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Why Patient-Reported Outcomes Are Important: Growing Implications and Applications for Rheumatologists. Ron D. Hays, Ph.D. UCLA Department of Medicine RAND Health Program ACR Annual Meeting, San Diego Convention Center October 30, 2013 (Room 6A). Disclosures .

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Why Patient-Reported Outcomes Are Important: Growing Implications and Applications for Rheumatologists

Ron D. Hays, Ph.D.

UCLA Department of Medicine

RAND Health Program

ACR Annual Meeting, San Diego Convention Center October 30, 2013 (Room 6A)

disclosures
Disclosures
  • No financial relationships related to this presentation.
evidence based medicine
Evidence-based Medicine

Cella, D., et al. (2010). Initial item banks and first wave testing of the Patient-Reported Outcomes Measurement Information System (PROMIS) network: 2005-2008. Journal of Clinical Epidemiology, 63 (11), 1179-1194.

Hahn, E. A., et al. (2007). Precision of health-related quality-of-life data compared with other clinical measures. Mayo Clin Proceedings, 82 (10), 1244-1254.

Hays, R. D., Reeve, B. B., Smith, A. W., & Clauser, S. B. (2013, epub). Associations of cancer and other chronic medical conditions with SF-6D preference-based scores in Medicare beneficiaries. Quality of Life Research.

Khanna, D., Krishnan, E., Morgan DeWitt, E., Khanna, P. P., Spiegel, B., & Hays, R. D. (2011). The future of measuring patient reported outcomes in rheumatology. Arthritis Care and Research, 63, S486-490.

u s health care issues
U.S. Health Care Issues
  • Access to care
    • ~ 50 million people without health insurance
  • Costs of care
    • Expenditures ~ $ 2.7 Trillion
  • Effectiveness (quality) of care
how do we know if care is effective
How Do We Know If Care Is Effective?
  • Effective care maximizes probability of desired health outcomes
    • Health outcome measures indicate whether care is effective

Cost ↓

Effectiveness ↑

health outcomes measures
Health Outcomes Measures
  • Traditional clinical endpoints
    • Survival
    • Clinical/biological indicators
      • Rheumatoid factor
      • Blood pressure
      • Hematocrit
  • Patient-Reported Outcomes
patient reported measures prms
Patient-Reported Measures (PRMs)
  • Mediators
    • Health behaviors (adherence)
  • Health Care Process
    • Reports about care (e.g., communication)
  • Outcomes (PROs)
    • Patient satisfaction with care
    • Health-Related Quality of Life (HRQOL)
hrqol in seer medicare health outcomes study n 126 366
HRQOL in SEER-Medicare Health Outcomes Study (n = 126,366)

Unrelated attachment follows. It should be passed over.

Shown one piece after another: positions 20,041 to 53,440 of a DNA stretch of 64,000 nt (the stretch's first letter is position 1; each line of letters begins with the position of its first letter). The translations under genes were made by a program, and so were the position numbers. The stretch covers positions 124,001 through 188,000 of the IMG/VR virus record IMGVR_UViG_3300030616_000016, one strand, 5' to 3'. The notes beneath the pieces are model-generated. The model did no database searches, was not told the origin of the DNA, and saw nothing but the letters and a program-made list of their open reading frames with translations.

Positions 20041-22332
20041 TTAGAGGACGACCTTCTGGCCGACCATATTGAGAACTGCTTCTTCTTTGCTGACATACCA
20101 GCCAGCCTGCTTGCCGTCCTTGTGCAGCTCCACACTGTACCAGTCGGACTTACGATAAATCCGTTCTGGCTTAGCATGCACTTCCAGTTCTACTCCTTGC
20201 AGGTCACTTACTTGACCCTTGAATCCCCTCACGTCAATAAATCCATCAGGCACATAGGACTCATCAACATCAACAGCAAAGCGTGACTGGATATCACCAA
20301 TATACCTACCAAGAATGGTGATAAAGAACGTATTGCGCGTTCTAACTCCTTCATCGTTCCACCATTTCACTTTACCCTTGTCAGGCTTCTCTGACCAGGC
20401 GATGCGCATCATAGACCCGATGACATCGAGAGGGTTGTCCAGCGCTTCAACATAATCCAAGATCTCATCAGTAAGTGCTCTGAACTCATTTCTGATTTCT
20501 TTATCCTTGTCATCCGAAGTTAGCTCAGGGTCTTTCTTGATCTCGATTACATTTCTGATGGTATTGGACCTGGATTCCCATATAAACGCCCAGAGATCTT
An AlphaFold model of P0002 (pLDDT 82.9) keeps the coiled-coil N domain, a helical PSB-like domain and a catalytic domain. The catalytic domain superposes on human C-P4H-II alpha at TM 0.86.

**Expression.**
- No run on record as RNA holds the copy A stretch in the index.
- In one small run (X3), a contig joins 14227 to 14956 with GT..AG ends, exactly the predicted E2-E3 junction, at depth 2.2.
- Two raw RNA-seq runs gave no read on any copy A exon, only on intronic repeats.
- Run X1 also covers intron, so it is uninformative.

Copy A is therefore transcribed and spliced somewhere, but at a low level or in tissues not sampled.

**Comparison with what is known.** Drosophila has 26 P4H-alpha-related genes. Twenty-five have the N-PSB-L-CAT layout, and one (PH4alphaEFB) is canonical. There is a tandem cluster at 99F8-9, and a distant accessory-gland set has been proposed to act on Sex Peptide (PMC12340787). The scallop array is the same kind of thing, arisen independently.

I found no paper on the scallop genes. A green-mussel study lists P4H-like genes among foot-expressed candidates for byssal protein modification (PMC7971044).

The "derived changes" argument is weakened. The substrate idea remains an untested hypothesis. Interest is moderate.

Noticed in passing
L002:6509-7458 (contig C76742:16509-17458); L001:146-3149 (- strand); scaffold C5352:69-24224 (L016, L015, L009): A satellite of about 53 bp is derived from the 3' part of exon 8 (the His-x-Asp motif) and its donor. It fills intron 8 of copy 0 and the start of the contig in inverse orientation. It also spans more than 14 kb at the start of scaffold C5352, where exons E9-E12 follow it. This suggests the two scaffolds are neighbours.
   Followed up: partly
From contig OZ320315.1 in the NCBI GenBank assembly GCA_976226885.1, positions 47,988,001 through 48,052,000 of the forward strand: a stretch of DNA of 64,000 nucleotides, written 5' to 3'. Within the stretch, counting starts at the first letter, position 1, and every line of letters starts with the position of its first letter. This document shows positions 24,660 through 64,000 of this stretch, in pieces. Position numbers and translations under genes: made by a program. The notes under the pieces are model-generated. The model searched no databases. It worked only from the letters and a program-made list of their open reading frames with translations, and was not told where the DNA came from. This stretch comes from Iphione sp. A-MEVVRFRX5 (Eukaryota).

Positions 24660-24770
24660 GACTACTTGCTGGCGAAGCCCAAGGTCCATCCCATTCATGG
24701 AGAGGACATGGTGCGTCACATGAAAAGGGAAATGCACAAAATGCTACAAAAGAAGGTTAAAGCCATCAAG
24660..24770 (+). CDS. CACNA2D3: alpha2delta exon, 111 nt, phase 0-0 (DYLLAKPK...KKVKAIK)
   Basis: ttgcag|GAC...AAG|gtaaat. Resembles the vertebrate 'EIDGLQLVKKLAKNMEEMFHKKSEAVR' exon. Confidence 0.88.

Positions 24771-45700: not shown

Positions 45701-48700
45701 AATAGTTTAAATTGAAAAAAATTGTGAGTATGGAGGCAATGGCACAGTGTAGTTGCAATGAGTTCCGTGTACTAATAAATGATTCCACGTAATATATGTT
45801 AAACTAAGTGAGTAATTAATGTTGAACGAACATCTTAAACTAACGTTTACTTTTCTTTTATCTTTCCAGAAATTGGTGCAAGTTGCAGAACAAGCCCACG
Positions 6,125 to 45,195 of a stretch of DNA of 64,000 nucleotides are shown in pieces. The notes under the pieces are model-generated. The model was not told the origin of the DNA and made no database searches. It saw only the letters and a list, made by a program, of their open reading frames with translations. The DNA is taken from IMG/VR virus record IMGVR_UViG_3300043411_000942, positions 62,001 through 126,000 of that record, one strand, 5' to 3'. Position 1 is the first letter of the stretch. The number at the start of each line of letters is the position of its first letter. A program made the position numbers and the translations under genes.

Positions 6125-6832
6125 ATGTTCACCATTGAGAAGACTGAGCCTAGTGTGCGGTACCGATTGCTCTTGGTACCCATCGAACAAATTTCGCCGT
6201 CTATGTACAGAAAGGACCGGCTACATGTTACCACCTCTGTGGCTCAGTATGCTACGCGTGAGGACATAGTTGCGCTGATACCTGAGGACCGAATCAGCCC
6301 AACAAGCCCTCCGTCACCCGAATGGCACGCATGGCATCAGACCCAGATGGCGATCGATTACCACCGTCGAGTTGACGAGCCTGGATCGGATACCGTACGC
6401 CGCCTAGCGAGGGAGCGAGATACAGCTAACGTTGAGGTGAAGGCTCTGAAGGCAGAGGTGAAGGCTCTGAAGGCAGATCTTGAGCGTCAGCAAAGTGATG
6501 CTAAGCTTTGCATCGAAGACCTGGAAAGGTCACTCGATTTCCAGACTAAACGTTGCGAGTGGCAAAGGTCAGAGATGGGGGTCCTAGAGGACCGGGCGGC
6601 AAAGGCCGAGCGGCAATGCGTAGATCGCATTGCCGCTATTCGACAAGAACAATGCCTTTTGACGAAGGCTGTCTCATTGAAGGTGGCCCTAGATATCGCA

Controlling for age, gender, race/ethnicity, education, income, and marital status.

65

health related quality of life hrqol
Health-Related Quality of Life (HRQOL)

How the person FEELs (well-being)

Emotional well-being

Pain

Energy

What the person can DO (functioning)

Self-care

Role

Social

does your health now limit you in walking more than a mile
Does your health now limit you inwalking more than a mile?

(If so, how much?)

Yes, limited a lot

Yes, limited a little

No, not limited at all

hrqol is not
HRQOL is Not

Quality of environment

Type of housing

Level of income

Social Support

hrqol is reliable and predictive of 5 year mortality
HRQOL is Reliable and Predictiveof (5-year) Mortality

(n=676)

(n=754)

(n=1181)

(n=609)

%

Dead

SF-36 Physical Health Component Score (PCS)—T score

Ware et al. (1994). SF-36 Physical and Mental Health Summary Scales: A User’s Manual.

item responses and trait levels
Item Responses and Trait Levels

Person 1

Person 2

Person 3

Trait

Continuum

Item 1

Item 2

Item 3

www.nihpromis.org

response burden reduced
Response Burden Reduced
  • Paper and pencil rules of thumb
    • 3-5 items per minute
  • PROMIS computer administration to general population
    • 8-12 items per minute
  • Scleroderma patients at UCLA
    • 6 items per minute
reliability target for use of measures with individuals
Reliability Target for Use of Measures with Individuals
  • Reliability ranges from 0-1
    • 0.90 or above is goal
  • Reliability = 0.90 when SE = 3.2
    • T-scores (mean = 50, SD = 10)
    • Reliability = 1 – (SE/10)2

T =50 + (z * 10)

in the past 7 days
In the past 7 days …

I was grouchy [1st question]

  • Never [39]
  • Rarely [48]
  • Sometimes [56]
  • Often [64]
  • Always [72]

Estimated Anger = 56.1

SE = 5.7 (rel. = 0.68)

in the past 7 days1
In the past 7 days …

I felt like I was ready to explode

[2nd question]

  • Never
  • Rarely
  • Sometimes
  • Often
  • Always

Estimated Anger = 51.9

SE = 4.8 (rel. = 0.77)

in the past 7 days2
In the past 7 days …

I felt angry [3rd question]

  • Never
  • Rarely
  • Sometimes
  • Often
  • Always

Estimated Anger = 50.5

SE = 3.9 (rel. = 0.85)

in the past 7 days3
In the past 7 days …

I felt angrier than I thought I should [4th question]

- Never

  • Rarely
  • Sometimes
  • Often
  • Always

Estimated Anger = 48.8

SE = 3.6 (rel. = 0.87)

in the past 7 days4
In the past 7 days …

I felt annoyed [5th question]

  • Never
  • Rarely
  • Sometimes
  • Often
  • Always

Estimated Anger = 50.1

SE = 3.2 (rel. = 0.90)

in the past 7 days5
In the past 7 days …

I made myself angry about something just by thinking about it. [6th question]

  • Never
  • Rarely
  • Sometimes
  • Often
  • Always

Estimated Anger = 50.2

SE = 2.8 (rel = 0.92)

defining a responder reliable change index rci
Defining a Responder: Reliable Change Index (RCI)

RCI >=1.96 is statistically significant individual change..

thank you
Thank you!

Contact Information:

drhays@ucla.edu (310-794-2294)

Powerpoint file available at: http://gim.med.ucla.edu/FacultyPages/Hays/